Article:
The MQ-4C is designed to conduct maritime surveillance for the fleet. Its endurance provides a long-dwell capability to monitor its assigned track. Its multifunction radar, electro-optical cameras, electronic surveillance measures sensor and automatic information system will allow it to search, detect and track shipping and other targets, and relay the data back to a ground- or ship-based mission control station or to another maritime patrol aircraft.
The Navy plans to procure 68 MQ-4Cs in addition to two prototypes used in the System Development and Demonstration program. Two operational squadrons together will field five orbits, for a total requirement of 20 Tritons. The remaining 38 aircraft would sustain the programme for attrition, training and depot-level maintenance. Although fewer than 30 MQ-4Cs will be in service at any one time when the system reaches full operational capability, the production run will be able to sustain the orbits as the service life of the aircraft expires over time.
Marines to fly C-40 Clippers
The Marine Corps plans to move a transport squadron to Fort Worth, Texas, where its crews will fly Navy C-40A Clipper transport aircraft until the squadron receives its own C-40As.
Marine Transport Squadron 1 (VMR-1) based at Marine Corps Air Station Cherry Point, North Carolina, operated two C-9B Skytrain II transports for decades to provide rapid-response airlift for Marine Corps units. Many of the Navy’s Reserve fleet logistics support (VR) squadrons also operated the C-9B and the similar DC-9 until they completed transition to the C-40A. VMR-1 was the last squadron to operate the C-9B, but its transition to the C-40A had awaited the Navy budget to fund the last two of 17 C-40s to replace the C-9Bs. The FY2017 budget funds the 16th and 17th C-40As.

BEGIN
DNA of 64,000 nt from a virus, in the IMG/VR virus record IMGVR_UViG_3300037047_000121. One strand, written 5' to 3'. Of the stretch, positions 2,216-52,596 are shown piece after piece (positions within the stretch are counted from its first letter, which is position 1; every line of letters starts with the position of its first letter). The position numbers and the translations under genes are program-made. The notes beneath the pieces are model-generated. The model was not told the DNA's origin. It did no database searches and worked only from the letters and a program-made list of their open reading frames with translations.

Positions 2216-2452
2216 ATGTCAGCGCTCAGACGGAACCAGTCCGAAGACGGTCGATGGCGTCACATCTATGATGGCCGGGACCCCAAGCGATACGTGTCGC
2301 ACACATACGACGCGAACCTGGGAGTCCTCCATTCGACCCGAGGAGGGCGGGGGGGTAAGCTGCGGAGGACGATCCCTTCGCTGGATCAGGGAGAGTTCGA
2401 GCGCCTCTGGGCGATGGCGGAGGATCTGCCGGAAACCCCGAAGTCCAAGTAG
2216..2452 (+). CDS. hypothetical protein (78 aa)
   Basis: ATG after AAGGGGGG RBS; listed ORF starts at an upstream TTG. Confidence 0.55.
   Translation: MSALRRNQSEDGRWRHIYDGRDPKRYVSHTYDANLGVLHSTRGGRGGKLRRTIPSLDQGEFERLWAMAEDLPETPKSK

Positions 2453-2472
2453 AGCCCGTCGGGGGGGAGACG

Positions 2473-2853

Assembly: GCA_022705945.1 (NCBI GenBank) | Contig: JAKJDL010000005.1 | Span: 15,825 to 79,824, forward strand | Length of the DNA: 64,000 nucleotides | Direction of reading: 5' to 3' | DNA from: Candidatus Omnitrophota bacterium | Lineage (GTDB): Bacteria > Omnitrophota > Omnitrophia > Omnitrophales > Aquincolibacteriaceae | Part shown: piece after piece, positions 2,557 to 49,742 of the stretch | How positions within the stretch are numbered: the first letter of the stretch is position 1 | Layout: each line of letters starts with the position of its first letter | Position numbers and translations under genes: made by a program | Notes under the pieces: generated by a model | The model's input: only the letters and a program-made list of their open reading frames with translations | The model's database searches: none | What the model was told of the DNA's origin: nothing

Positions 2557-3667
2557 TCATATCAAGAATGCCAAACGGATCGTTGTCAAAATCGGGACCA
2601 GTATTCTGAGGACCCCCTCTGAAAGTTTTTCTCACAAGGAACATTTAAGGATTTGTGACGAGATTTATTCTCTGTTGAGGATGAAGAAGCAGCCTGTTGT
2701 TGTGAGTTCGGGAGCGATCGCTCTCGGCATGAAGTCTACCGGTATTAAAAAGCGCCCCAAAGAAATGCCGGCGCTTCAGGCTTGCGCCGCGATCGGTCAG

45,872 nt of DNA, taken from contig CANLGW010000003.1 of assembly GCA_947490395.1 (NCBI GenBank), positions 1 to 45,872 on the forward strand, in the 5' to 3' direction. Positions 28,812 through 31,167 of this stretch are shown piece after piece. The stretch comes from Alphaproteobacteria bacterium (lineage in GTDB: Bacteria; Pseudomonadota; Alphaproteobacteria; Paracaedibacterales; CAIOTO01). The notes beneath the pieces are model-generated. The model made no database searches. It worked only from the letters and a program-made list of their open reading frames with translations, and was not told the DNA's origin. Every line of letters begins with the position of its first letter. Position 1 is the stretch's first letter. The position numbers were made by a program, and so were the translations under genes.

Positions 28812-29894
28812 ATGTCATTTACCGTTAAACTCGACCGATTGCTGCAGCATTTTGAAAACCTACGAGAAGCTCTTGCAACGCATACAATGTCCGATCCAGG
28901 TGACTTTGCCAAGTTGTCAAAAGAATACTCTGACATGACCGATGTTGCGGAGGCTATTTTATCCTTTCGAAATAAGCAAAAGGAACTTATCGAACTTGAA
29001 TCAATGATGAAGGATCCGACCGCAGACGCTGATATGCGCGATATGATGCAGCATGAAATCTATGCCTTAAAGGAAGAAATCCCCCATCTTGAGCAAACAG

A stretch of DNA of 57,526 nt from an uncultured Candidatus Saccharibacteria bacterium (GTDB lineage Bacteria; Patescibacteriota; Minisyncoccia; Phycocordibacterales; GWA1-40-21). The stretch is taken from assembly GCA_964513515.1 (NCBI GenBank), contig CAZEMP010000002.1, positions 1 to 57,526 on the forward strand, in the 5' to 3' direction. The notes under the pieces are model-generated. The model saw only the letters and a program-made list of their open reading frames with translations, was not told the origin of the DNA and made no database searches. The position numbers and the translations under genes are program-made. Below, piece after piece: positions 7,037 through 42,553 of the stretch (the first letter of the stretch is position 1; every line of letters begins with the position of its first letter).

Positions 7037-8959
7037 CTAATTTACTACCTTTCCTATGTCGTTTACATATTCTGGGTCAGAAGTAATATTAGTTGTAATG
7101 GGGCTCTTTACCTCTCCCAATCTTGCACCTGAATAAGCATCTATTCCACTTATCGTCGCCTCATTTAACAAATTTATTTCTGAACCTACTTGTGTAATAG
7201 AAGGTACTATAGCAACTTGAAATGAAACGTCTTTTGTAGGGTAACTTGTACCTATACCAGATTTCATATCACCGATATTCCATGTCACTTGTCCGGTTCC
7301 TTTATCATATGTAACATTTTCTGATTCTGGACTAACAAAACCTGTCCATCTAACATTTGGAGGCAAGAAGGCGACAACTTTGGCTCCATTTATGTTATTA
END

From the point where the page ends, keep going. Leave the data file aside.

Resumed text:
The 2017 Marine Corps Aviation Plan has slated VMR-1 to move to Naval Air Station- Joint Reserve Base Fort Worth and convert from an active-duty squadron to a reserve squadron by October 2017.
According to a Naval Air Systems Command spokesperson, VMR-1 divested its two C-9Bs in April. Until its own C-40As arrive, VMR-1 crews will augment the Fort Worth-based VR-59 in flying Navy C-40As. VMR-1 also currently operates UC-35D Citation business jets.
In Brief …
Carrier Airborne Early Warning Squadron 115 (VAW-115) ‘Liberty Bells’ departed Naval Air Facility Atsugi, Japan, for its new base at Naval Air Station Point Mugu, California, on June 1, after a 44-year forward deployment to the Western Pacific. The E-2C Hawkeye squadron was replaced in Carrier Air Wing 5 (CVW-5) by VAW-125 ‘Tigertails’ an E-2D Advanced Hawkeye squadron.
Commander, Patrol Reconnaissance Wing 2 (CPRW-2), headquartered at Marine Corps Air Station Kaneohe Bay, Hawaii, was de-activated on May 31, 2017 and its remaining units have transferred to Commander, Patrol Wing 10 (CPRW- 10), headquartered at Naval Air Station Whidbey Island, Washington. One of the units assigned to CPRW-2, Special Projects Patrol Squadron 2 (VPU-2), will remain based at Kaneohe Bay until it is deactivated by 2020.